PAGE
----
Front Page Titles (by Subject) CHAPTER I.: COMMONS' DEBATE, 24 th APRIL 1809. PACKING AND CUTTING. - The Works of Jeremy Bentham, vol. 5 (Scotch Reform, Real Property, Codification Petitions)
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CHAPTER I.: COMMONS’ DEBATE, 24 th APRIL 1809. PACKING AND CUTTING. - Jeremy Bentham, The Works of Jeremy Bentham, vol. 5 (Scotch Reform, Real Property, Codification Petitions) 
The Works of Jeremy Bentham, published under the Superintendence of his Executor, John Bowring (Edinburgh: William Tait, 1838-1843). 11 vols. Vol. 5.
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COMMONS’ DEBATE, 24th APRIL 1809. PACKING AND CUTTING.
Abuses touched upon—Packing and Cutting.
The 24th of April 1809 forms a new era in the history of this art.
Of the state of this branch of business, a corner is now unrolled before St. Stephen:—the eyes of the saint, as in these cases must sometimes happen, especially if the cry be loud and troublesome, half open themselves to the abuse: but then immediately, as usual, close upon it.
Up stands Mr. Whitbread, and more or less light is thrown upon parts, or supposed parts, of judicial practice:—
1. Package of jurors, viz. in the offices which we have seen established for that purpose.
2. Bribery of do, doubled: double guineas substituted to single ones.
3. Unobsequious jurors dropped; or, in the fashionable and familiar phrase, cut.
4. Where, under the name of the Crown, the firm of Judge and Co. is party, double fees to Judge and Co.—at whose expense need not be said.
Package—a complex process, in which, properly speaking, the operation of cutting is included—this, being the very thing in question, will, together with cutting, afford two sections to this present chapter: double feeing—an operation in some respects included under package, in others distinct from it, but in all respects connected with it, claims a chapter to itself.
On this occasion, amidst the uncertainties to which newspaper-reporting is liable, one thing seems pretty clear, viz. that, in respect of depth and extent, the nature of the mischief was misconceived:—misconceived and under-rated by the honourable gentleman, by whose public spirit the matter was thus brought forward:—“That the master of the crown-office should have in his discretion the nomination of juries,”—this is what to him appeared—as well it might appear—“a great hardship.” Of the state of things thus spoken of, the description thus given is thus far correct. But when the mode in which the effect is brought about comes to be spoken of, there it is that the description fails: “Of the persons summoned on the pannel, such names passed over as he thinks fit, without calling them on their fines, upon the mere plea that they could not attend, and retaining such names as he thought fit. . . . .”* To apply a detailed correction to the several mistakes contained in this part of the statement, would, after what has been said in the two former parts of this work, be a useless operation: the general result is clear enough; viz. that it is by a fraudulent contrivance, and that such a one as requires to be renewed on each individual occasion—by irregular practice in fraud of the law, and not by the law itself, as constituted by the avowed and regular practice of judges—that the “nomination” and nullification of these supposed and pretended checks upon the despotism of judges is effected.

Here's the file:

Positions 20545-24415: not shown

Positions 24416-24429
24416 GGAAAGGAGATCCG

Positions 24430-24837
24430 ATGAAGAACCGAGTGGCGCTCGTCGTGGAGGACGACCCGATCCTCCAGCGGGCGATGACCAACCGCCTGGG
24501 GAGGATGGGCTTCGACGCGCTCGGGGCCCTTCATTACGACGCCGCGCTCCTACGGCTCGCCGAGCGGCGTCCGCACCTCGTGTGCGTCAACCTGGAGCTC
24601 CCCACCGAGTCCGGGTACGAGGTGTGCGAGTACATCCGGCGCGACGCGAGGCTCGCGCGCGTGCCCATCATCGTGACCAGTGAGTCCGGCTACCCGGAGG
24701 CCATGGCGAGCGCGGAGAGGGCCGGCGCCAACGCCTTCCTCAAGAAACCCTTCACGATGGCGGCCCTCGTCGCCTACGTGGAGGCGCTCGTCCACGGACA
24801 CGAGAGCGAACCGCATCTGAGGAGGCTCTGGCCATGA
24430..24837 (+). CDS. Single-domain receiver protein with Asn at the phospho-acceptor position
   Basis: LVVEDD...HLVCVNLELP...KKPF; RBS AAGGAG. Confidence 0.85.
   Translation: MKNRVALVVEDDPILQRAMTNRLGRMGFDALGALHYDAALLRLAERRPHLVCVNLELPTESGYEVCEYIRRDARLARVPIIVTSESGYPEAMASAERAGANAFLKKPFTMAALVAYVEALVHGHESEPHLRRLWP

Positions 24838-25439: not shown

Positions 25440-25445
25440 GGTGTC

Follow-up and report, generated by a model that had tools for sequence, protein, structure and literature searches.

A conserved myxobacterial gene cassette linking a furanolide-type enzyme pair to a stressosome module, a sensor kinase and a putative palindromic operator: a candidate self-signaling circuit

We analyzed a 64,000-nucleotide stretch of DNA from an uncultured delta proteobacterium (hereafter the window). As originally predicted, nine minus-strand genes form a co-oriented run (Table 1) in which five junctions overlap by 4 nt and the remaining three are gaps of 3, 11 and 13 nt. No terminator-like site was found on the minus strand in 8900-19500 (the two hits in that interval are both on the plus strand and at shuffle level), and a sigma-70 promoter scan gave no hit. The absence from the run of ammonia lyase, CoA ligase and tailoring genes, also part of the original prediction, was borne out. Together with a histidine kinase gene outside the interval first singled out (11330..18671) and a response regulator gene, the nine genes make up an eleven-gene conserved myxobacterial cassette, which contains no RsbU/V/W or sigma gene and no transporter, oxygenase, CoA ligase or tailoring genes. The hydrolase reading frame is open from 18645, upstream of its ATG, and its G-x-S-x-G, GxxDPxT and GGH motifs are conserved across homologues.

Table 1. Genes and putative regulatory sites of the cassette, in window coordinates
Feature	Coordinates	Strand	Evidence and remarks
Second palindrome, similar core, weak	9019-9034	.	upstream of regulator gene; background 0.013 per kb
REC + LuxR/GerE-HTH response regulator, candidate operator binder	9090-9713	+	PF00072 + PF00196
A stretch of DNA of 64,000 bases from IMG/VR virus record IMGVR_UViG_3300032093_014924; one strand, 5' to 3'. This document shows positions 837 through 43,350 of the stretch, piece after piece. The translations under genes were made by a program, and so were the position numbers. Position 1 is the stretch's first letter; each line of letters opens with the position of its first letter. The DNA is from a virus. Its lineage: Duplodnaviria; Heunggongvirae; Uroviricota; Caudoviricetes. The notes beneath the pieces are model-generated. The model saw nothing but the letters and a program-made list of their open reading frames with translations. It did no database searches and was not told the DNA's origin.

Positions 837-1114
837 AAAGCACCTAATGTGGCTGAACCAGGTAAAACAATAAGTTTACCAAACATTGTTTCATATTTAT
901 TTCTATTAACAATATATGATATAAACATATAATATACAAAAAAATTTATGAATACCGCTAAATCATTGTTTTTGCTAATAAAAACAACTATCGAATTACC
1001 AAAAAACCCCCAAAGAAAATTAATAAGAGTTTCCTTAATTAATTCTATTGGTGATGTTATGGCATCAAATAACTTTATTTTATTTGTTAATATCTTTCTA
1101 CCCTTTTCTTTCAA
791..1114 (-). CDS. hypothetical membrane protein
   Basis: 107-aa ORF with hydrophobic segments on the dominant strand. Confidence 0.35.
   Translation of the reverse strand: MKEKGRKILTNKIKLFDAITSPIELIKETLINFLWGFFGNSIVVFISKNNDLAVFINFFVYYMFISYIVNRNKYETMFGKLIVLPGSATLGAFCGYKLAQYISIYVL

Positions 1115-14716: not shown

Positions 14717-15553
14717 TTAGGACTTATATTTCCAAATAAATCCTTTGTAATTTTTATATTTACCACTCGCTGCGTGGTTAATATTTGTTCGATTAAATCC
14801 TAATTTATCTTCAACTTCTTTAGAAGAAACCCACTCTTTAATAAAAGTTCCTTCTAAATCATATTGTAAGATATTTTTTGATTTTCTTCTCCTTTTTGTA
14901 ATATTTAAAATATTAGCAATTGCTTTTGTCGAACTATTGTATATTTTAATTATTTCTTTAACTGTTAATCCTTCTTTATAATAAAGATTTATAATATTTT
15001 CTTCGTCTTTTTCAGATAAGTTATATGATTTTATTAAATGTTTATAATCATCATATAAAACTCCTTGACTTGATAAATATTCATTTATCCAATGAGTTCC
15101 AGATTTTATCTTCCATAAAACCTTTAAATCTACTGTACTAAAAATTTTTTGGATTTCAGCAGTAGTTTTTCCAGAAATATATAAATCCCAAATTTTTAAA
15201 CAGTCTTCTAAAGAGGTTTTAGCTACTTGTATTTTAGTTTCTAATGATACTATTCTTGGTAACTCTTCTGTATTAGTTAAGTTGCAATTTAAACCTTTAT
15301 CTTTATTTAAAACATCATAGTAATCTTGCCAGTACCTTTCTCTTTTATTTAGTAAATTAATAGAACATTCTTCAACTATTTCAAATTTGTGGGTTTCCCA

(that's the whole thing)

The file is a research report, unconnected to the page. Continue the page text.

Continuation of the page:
Of these errors the origin appears sufficiently obvious. Though in several points not conformable to the view given of the case by Sir Richard Phillips, there remains conformity enough to render it probable, that it is from his representation of the matter, as given in his book, that that of the honourable gentleman was taken. I mean the “passing over”—and “upon the mere plea that they could not attend”—and so forth. By this the conception conveyed (we see) is—that, taken in its totality, the gross list comes into the master’s hands from some other quarter: and that all that it is in his power to do is—to cause to be discarded out of it this or that individual; and that even that cannot be done in any case, without a fresh as well as false pretence: whereas, as we have seen over and over again, the truth is—that, of the persons whose names are put upon this gross list, every individual, without exception, is constantly and regularly chosen by him, and that if, for ridding it of this or that obnoxious individual, any such pretence should happen to be necessary, it is not by him, by that officer, who is regular course nominates whom he pleases, that any such falsehood need be, or indeed could consistently be, averred.